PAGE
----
LITTLE ROCK, Ark. (WLTX/KTHV) - A former security official for the Arkansas Scholarship Lottery, from South Carolina, pleaded guilty in federal court Friday to accusations that he stole tens of thousands of dollars worth of winning lottery tickets.

Remmele Mazyck, also a former Employee for the SC Education Lottery- was serving as Arkansas deputy director of security, admitted Friday that he stole tickets that were intended to be free giveaways at the State Fair and other public events. This reportedly started shortly after he was hired with the organization in 2009 and continued until he was caught and fired in late 2012, according to THV's media partners at Arkansas Business.

The Arkansas Lottery Commission (ALC) said in a press release the charges allege that between November 2009 and October 2012, Mazyck used his position of authority to steal lottery tickets and cash them undetected. Mazyck cashed 22,710 tickets for a total $478,073, according to the ALC. ALC Director Bishop Woosley first learned that this activity occurred on October 26, 2012. He placed Mazyck on administrative leave that day and terminated Mazyck's employment on November 14, 2012.

In court Friday, Mazyck agreed to pay restitution of more than $482,000. To read more details about Mazyck's background with lottery commissions, visit Arkansas Business' website:

The ALC's press release also included information pertaining to money lost within the organization and how it affects students and retailers. The commission said:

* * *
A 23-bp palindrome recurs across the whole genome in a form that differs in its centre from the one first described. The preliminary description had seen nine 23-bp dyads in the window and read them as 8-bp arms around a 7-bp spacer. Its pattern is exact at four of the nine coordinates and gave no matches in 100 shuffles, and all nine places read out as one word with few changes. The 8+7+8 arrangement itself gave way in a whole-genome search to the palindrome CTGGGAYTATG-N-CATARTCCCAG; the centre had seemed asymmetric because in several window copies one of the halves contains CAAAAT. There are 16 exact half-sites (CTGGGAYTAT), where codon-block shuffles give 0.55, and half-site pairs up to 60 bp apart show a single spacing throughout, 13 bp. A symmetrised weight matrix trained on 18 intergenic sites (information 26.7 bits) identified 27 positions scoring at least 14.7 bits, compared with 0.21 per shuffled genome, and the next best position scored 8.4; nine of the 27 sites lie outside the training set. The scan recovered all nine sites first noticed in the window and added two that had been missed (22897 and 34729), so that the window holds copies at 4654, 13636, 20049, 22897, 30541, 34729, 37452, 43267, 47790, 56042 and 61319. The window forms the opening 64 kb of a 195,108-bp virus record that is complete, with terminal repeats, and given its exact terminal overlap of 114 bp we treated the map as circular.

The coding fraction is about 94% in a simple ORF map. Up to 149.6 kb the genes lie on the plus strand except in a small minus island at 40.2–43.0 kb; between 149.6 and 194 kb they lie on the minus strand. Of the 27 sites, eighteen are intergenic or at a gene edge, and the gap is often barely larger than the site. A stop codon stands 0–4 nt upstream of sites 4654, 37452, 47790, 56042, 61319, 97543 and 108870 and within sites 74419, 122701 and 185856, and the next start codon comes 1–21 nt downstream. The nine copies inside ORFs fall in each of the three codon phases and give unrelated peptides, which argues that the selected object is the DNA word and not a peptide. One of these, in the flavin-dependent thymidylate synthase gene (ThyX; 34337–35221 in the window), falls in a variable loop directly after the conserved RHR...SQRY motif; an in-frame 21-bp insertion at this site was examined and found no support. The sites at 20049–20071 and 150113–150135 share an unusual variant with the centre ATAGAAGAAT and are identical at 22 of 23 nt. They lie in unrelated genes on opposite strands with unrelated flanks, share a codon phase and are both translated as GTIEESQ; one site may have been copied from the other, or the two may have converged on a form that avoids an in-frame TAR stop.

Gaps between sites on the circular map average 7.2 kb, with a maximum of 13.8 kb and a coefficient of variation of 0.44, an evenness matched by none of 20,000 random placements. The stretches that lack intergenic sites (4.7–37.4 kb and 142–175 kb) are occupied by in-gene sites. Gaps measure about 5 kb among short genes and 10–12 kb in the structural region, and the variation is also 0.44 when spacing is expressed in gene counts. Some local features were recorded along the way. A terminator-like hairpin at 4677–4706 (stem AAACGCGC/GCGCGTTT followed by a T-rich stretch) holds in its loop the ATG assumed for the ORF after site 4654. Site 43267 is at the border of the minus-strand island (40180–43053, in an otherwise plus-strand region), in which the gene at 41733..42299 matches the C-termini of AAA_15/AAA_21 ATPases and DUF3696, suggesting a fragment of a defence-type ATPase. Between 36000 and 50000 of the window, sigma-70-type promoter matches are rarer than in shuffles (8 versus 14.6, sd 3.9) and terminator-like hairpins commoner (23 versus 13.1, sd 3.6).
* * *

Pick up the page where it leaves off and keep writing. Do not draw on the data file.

"ALC is fully insured for the amount of the theft through the Arkansas Fidelity Bond Trust Fund administered by the Arkansas Governmental Bonding Board and a supplemental insurance policy which ALC purchased following start-up. Assuming our claim is approved under both policies, the ALC will sustain no monetary loss from this theft. Further, if the claim is approved, no Arkansas student will be denied the opportunity to have their college education paid for by through use of Arkansas Scholarship Lottery funding.

In addition, our retailers sustained no loss as a result of the action of Mazyck. All cashes were paid by our retailers in good faith. In fact, without the diligence of our retail partners, Mazyck may still be here at the lottery stealing tickets.

ALC has evaluated and will continue to evaluate and strengthen its processes and procedures as necessary to ensure that this does not occur in the future."

Attorney for Remmele Mazyck, John Wesley Hall said that his client admitted in federal court on Friday that he has a gambling problem, and Mazyck told officials that he spent some of the ticket winnings at casinos and put some into the stock market.

"His life essentially is not completely over. He knows he's going to go to jail. He's just not sure how long. He's got a baby that's going to be born in the next 72 hours," Hall said. We are told Mazcyk is returning to South Carolina.

A sentencing date has not been set yet for this case, but in court Friday, the judge said the maximum prison time on the wire fraud charge is 20 years, and the maximum prison time on the money laundering charge is ten years. The judge also said that each offense carries a maximum penalty of $250,000.

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